I have Power of Attorney, do I need to obtain guardianship as well?

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I am the only child and she has alzheimers. What she thinks she can and cannot do can vary from day to day. If i do need to file for guardianship do you know any agency's that woud help pay the fees? since my mom is 75 and my husband and i are living on disability? I hope you can help she has taken control of her finances again and doen't understand she has house payments as well as other bills due.

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Hi Jean,
It's possible that your mother could, on a bad day, withdraw the POA, but would she be able to do that? Gaining guardianship is expensive. I don't know of any help as far as paying for the attorney, but you can check with your state law organization and they can let you know of attorneys that will take on some free or low cost cases. The chance that she'll be clear enough to go through the paperwork of revoking the POA is probably small, but only you can decide how much is at risk. Take care.
Carol
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Since you have POA now, can you set up her bills to be paid automatically from her account? If I didn't have my own mortgage and utilities and cable bills etc taken directly out of my account my own credit rating would be trashed. I can afford them all, but not the time it takes to keep up with them without help. Even my main credit card that I use for everything from groceries to clothing to dinners out to vacations is paid automatically in full each month. I still look over the statements, but I can do it on my own schedule without fear of incurring late fees and interest charges.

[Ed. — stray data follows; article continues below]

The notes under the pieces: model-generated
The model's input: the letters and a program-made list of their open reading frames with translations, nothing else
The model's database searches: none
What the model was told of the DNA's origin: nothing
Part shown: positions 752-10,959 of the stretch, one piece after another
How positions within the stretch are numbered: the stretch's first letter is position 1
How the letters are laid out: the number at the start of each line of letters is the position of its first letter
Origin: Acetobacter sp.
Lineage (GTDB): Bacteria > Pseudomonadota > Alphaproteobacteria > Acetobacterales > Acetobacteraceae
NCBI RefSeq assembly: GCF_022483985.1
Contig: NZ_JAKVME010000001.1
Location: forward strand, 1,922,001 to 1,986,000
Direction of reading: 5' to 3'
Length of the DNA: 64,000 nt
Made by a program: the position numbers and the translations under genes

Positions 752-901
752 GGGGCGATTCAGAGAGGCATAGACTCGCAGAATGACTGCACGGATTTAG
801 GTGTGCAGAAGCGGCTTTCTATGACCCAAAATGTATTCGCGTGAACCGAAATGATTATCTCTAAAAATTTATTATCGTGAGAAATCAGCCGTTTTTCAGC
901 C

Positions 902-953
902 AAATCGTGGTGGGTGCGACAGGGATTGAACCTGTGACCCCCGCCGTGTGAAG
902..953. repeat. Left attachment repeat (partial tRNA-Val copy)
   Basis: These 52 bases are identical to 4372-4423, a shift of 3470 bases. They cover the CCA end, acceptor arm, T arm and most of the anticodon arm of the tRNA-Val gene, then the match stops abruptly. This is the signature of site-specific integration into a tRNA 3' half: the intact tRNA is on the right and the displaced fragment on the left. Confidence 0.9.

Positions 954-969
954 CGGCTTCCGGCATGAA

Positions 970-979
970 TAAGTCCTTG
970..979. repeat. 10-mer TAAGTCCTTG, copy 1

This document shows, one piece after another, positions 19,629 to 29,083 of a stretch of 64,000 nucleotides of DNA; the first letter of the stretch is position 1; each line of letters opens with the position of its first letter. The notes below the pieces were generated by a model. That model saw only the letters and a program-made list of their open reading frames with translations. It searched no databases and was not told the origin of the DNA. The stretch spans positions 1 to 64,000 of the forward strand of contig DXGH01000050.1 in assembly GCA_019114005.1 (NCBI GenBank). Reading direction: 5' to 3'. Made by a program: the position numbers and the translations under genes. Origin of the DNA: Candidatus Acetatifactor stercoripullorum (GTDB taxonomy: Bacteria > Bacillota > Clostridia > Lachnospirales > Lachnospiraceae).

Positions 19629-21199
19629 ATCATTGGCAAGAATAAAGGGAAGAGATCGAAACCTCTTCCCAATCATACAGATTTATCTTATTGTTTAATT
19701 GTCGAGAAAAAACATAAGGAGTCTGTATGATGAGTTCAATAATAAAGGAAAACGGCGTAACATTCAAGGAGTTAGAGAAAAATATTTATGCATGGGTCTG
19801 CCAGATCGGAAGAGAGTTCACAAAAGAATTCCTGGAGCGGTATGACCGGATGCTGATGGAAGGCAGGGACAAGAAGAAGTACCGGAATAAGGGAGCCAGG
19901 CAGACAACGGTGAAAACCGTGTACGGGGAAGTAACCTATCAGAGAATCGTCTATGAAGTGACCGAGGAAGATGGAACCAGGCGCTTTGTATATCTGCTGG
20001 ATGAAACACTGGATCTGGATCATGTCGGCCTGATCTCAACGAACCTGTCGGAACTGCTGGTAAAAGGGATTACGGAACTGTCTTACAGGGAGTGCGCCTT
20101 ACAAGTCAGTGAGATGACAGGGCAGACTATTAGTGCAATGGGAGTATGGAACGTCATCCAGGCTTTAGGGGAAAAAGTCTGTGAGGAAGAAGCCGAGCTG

My sister who handles my mother's limited financial transactions has set her up on automatic pay for everything possible, and is also able to monitor her checking account on line.

My husband has dementia, and I've taken him off our main accounts and opened a checking account for him, where I keep a small balance. He can still review the monthly statements and write small checks for things like a haircut or a purchase in the science museum gift shop when we are there, but he can't do anything that will put the mortgage payment at risk!

I hope you will come up with creative ways to allow your mother to feel she has some financial independence while you retain control. Guardianship is pretty drastic, if you can get by without it.

My husband could theoretically revoke my POA. He'd have to fill out a form and then get it notarized -- two things that are pretty unlikely even on a good day. And then he'd have to notify banks and others who assume the POA is still valid. And it wouldn't be very hard for me to demonstrate that he is not legally competent to be making that decision. As Carol says, you are the one that has to weigh that risk.

It is so painful to realize that our loved ones might take actions that will harm themselves. We do our utmost to prevent that, weighing the pros and cons and consequences of each option. Do your best, in love. And don't beat yourself up if some decisions don't work out as you intended. (It is called being human.)

Best wishes in a difficult situation,
Jeanne
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